a theory based on 29 answers
following from here:
Three government organisations:
The South Australian Police (SAPOL).
The Commonwealth Investigation Service (CIS).
… and ASIO, which commenced taking over CIS case files in the late forties.
1) ‘Surprising but explainable.’ So said Prof Cleland about the corpse’s unusual lividity, given it was found with the head propped up.
Explanation as follows: SM died supine, his corpse was carried to the steps by an ASIO agent late at night and a half-smoked cigarette placed on its collar.
(2) The cigarette that didn’t burn.
The ASIO agent tasked with dumping the body was seen observing a drunk lying at the bottom of the steps and trying to light a cigarette earlier in the afternoon (see 26). He knew a break when he saw it, agents are smart like that. Either that or ASIO planted the drunk in the first place. That one’s down to Clive. But it’s doubtful, if the ring-in got rousted the plan’s got nowhere to go.
(3) The witness who saw a man carrying a man late on the night prior to the body being found made a statement to SAPOL ten years later but was never re-interviewed.
Ten years? Forgeddaboudit.
(4) Mr Francis, his story of the finding of the Rubaiyat.
It was ASIO who found the Rubaiyat, and in the deceased’s suitcase, intact. They nabbed him and his suitcase in the station lavatory after he had shaved and changed his underwear (see 24). Someone got hit. There were abrasions between the deceased’s knuckles (see 25). It would have hurt, he had big hands.
See 28, 29
(5) The Source Code.
ASIO had the book, they deciphered the code imprinted on the back cover, photographed it, obliterated the images of the code then photographed the result. They didn’t figure on Gordon Cramer showing up sixty years later. The Rubiayat is probably sitting in a file in an ASIO basement. We should offer a reward.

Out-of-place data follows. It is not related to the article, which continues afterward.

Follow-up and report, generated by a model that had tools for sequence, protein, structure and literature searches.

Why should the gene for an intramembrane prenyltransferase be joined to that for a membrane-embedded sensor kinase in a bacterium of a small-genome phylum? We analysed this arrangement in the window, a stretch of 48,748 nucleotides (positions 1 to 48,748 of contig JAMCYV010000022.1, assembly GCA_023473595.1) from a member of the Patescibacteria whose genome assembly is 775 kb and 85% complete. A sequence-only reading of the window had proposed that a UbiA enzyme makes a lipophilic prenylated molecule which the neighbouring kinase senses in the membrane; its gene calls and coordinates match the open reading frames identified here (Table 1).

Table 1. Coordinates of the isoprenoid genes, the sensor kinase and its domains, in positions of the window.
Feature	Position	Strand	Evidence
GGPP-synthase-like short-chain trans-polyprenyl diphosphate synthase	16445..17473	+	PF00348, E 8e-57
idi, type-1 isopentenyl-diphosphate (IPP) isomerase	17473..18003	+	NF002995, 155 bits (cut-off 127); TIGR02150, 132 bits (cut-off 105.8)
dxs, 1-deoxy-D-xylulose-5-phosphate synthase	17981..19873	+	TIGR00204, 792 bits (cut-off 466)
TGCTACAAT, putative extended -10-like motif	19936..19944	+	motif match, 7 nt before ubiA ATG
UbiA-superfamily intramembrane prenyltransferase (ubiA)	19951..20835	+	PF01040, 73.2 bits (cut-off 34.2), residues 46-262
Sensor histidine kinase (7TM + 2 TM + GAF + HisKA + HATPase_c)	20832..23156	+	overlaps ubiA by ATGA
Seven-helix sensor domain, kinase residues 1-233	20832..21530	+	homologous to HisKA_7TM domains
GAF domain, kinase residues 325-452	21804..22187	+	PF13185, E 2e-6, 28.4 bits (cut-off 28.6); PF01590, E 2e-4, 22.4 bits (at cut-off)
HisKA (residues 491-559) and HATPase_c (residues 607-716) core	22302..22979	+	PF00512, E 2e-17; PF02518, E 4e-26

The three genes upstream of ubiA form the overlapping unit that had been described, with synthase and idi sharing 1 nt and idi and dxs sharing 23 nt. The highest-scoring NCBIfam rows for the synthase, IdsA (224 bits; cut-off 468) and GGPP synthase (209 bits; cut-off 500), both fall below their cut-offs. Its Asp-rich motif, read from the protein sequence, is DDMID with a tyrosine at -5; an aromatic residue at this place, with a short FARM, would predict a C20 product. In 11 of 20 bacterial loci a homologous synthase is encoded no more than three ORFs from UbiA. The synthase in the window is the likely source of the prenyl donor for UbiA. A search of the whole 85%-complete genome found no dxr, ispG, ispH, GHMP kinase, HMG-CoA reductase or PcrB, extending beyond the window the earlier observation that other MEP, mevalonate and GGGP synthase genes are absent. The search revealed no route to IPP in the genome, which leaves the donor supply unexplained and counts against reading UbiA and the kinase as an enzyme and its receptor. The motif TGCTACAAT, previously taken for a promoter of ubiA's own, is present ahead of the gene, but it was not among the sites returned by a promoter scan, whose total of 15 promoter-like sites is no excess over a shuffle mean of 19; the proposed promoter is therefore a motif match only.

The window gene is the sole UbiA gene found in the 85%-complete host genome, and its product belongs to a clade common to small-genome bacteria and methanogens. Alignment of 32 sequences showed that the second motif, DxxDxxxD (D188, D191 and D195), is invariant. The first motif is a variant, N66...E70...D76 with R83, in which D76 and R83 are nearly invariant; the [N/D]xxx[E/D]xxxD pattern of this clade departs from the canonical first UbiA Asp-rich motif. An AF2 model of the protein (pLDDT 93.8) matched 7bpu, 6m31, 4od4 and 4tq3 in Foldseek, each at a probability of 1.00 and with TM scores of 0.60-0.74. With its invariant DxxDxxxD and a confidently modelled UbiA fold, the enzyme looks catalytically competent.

(6) Professor Cleland’s lapses.
Cleland said he put the Tamam Shud slip back in the deceased’s fob pocket before finding it again, with some difficulty. We say it wasn’t there in the first place (see 16). Byron Deveson, your theory stands. Cowan the villain here: a placing under delegated orders. ASIO wanted a suicide ruling. Unlike Brown, they knew what Tamam Shud meant.
(7) The analyst who couldn’t identify the black powder shaken from the brush found in the deceased’s suitcase.
Cowan the villain, again under delegated orders. ASIO didn’t plant the tools. They should have taken them. An oversight. The tools could have been used for several purposes but the black powder was a specific indicator.
(8) The phone number written on the back of the Rubaiyat was never photographed.
The nurse’s phone number was given to Leane by ASIO, in confidence, in his office and at the same time they gave him the photo of the obliterated code.
(9) The Rubaiyat was never photographed by SAPOL: front back or interior.
SAPOL never had possession of the Rubaiyat, otherwise they would have photographed it and Brown would have had the pics splashed all over the newspapers as an aid to identification. Plus it would have saved time.